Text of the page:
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​Ghost Ship founder delivers his testimony in court

Derick Almena faces 36 counts of manslaughter in connection with the 2016 warehouse fire

  • Cameron Holbrook
  • 9 July 2019
​Ghost Ship founder delivers his testimony in court

Derick Almena, one of the suspects allegedly responsible for the deadly and tragic Ghost Ship warehouse fire that killed 36 people in 2016, delivered his testimony in court on Monday, July 8.

Almena, 49, faces 36 counts of involuntary manslaughter along with co-defendant Max Harris, 29. If convicted of all charges, both men could face up to 36 years in prison, respectively.

Both defendants, who were arrested back in June of 2017, pleaded no contest to 36 counts of manslaughter last summer. Later, they were sentenced to nine and six years in prison respectively, but Judge James Crame rejected the deal due to the lack of remorse shown by Almena. The judge also noted that Almena previously failed to show any signs of remorse.

During his most recent testimony, Almena appeared in front of the court dressed in black while looking forlorn and teary-eyed.

"I built something. I dreamed something, I invited, I attracted beautiful people into my space, and I'm responsible for having this idea," Almena said. His attorney Tony Serra asked if he felt remorse. "I couldn't put into words how I feel," Almena said, adding. "I feel death."

He went on to tell the families of the victims that he was "guilty for believing we were safe" and said he should have died in the fire. Almena lived in the warehouse with his wife and three children - all of whom were staying at a hotel the night of the fire - and considered his live-work space to be a place that gives back to Oakland's artist community.

Making a major claim in his defense, Almena says that he counted 33 occasions where government officials (including firefighters, officers, CPS employees, teachers, paramedics) toured or inspected the warehouse prior to fire - a total of 50 individuals. He also went on to defend the first floor layout of his space, claiming it was not the "maze" that prosocuters are making it out to be.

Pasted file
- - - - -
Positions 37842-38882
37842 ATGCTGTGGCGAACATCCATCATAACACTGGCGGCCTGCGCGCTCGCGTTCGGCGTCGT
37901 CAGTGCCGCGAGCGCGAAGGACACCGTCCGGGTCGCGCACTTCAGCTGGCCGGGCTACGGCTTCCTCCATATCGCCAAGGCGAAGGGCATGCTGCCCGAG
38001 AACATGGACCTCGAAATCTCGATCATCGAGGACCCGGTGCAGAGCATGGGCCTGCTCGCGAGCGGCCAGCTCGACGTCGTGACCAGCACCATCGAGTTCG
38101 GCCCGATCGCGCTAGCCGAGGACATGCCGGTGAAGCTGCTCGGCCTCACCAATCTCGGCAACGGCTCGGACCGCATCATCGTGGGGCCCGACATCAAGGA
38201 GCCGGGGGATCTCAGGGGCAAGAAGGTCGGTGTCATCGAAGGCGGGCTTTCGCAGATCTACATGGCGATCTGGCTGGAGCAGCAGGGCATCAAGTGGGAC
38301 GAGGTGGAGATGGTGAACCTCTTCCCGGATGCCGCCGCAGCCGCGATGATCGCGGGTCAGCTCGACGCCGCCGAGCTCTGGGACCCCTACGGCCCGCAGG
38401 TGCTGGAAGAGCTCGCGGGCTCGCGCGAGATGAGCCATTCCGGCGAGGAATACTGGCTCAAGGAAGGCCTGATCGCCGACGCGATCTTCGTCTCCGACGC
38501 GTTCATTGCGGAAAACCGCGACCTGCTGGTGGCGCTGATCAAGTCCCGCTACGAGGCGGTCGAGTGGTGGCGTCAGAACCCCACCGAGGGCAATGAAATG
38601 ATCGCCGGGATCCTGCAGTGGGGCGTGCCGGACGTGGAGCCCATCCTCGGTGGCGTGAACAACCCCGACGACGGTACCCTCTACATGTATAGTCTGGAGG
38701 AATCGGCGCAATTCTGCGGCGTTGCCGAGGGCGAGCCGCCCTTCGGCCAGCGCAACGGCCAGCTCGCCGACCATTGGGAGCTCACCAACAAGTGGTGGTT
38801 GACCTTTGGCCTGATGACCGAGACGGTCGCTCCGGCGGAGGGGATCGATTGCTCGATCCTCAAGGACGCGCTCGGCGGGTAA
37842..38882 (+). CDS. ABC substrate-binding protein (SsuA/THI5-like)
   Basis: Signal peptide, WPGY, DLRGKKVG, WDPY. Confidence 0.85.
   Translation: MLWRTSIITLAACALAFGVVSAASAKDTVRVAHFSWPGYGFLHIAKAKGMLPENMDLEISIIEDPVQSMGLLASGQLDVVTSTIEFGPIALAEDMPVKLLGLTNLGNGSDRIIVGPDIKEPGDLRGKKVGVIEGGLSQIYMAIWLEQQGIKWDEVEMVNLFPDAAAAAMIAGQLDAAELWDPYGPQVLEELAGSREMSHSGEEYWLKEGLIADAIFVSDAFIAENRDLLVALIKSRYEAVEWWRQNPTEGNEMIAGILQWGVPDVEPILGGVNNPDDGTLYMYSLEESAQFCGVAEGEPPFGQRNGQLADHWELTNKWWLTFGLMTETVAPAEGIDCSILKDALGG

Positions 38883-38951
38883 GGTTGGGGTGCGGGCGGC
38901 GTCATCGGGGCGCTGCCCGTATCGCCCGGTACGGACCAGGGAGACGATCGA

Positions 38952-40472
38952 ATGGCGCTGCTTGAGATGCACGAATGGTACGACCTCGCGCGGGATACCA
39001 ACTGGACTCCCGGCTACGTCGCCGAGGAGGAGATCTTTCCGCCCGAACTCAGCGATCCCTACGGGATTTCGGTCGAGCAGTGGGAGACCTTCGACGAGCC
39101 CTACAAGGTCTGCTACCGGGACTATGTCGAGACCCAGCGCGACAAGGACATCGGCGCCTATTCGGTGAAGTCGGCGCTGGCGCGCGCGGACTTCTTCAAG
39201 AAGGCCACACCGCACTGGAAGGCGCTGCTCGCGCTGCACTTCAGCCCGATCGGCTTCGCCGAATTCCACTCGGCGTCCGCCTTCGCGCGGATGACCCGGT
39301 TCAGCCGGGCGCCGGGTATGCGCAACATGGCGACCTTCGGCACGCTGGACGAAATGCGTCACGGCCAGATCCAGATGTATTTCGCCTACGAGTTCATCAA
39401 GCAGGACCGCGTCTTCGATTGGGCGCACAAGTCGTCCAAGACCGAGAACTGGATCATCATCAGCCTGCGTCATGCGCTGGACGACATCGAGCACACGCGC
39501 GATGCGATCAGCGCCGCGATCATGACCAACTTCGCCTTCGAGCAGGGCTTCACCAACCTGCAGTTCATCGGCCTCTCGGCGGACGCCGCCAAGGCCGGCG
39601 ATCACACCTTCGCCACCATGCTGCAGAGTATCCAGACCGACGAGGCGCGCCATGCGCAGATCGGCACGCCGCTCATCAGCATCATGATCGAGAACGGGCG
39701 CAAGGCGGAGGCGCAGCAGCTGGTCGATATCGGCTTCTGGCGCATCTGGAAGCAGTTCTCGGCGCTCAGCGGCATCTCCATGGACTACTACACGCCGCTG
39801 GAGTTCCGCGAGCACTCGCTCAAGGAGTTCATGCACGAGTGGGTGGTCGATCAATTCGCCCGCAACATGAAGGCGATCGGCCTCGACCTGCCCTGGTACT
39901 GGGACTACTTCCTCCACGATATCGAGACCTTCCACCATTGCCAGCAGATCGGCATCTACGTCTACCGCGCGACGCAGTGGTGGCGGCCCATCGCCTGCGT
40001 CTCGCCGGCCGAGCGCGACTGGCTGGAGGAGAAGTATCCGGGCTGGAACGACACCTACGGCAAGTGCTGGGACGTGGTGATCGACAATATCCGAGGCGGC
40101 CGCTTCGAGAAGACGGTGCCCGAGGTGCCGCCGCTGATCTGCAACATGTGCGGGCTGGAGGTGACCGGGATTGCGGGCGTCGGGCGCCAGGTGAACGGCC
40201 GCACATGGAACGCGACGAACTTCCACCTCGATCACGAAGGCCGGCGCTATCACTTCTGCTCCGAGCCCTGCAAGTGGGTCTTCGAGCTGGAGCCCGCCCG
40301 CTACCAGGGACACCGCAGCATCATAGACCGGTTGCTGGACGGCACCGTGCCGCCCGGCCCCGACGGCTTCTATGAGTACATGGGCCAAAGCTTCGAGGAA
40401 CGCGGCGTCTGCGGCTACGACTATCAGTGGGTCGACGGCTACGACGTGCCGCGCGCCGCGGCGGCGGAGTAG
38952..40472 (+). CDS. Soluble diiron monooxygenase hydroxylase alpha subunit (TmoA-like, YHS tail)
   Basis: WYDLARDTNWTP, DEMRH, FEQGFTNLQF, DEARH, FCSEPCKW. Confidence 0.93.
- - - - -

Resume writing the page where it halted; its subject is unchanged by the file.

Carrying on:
Animated and rambling about clashes with the landlord, Almena claimed that his landlord tricked him into his lease after learning the building was not up to code and did not have sufficient water or electricity. When asked about his art, he was excited to show the court some examples of his photography.

Grace Lovio, whose partner Jason McCarty died in the fire, said she found Almena's testimony to be "performative" and was upset that Almena's attorney decided to show jurors his art. "My partner Jason was an extremely talented artist," she said. "We don't see his art up there."

Alameda County DA's court documents outline why Almena was arrested, saying: “Almena substantially increased the risk to those living, working or visiting the building by storing enormous amounts of flammable material inside the warehouse. Residents reported that if they put anything in their individual living spaces that did not conform to Almena’s idea as to how the warehouse should look, he would order it to be removed.”

Chor Ng, the owner of the Ghost Ship warehouse, has not been charged, has not spoken about the fire and received $3.1 million in an insurance payout back in 2017.

Cameron is Mixmag's Jr. Editor. Follow him on Twitter

[Image: Vicki Behringer]

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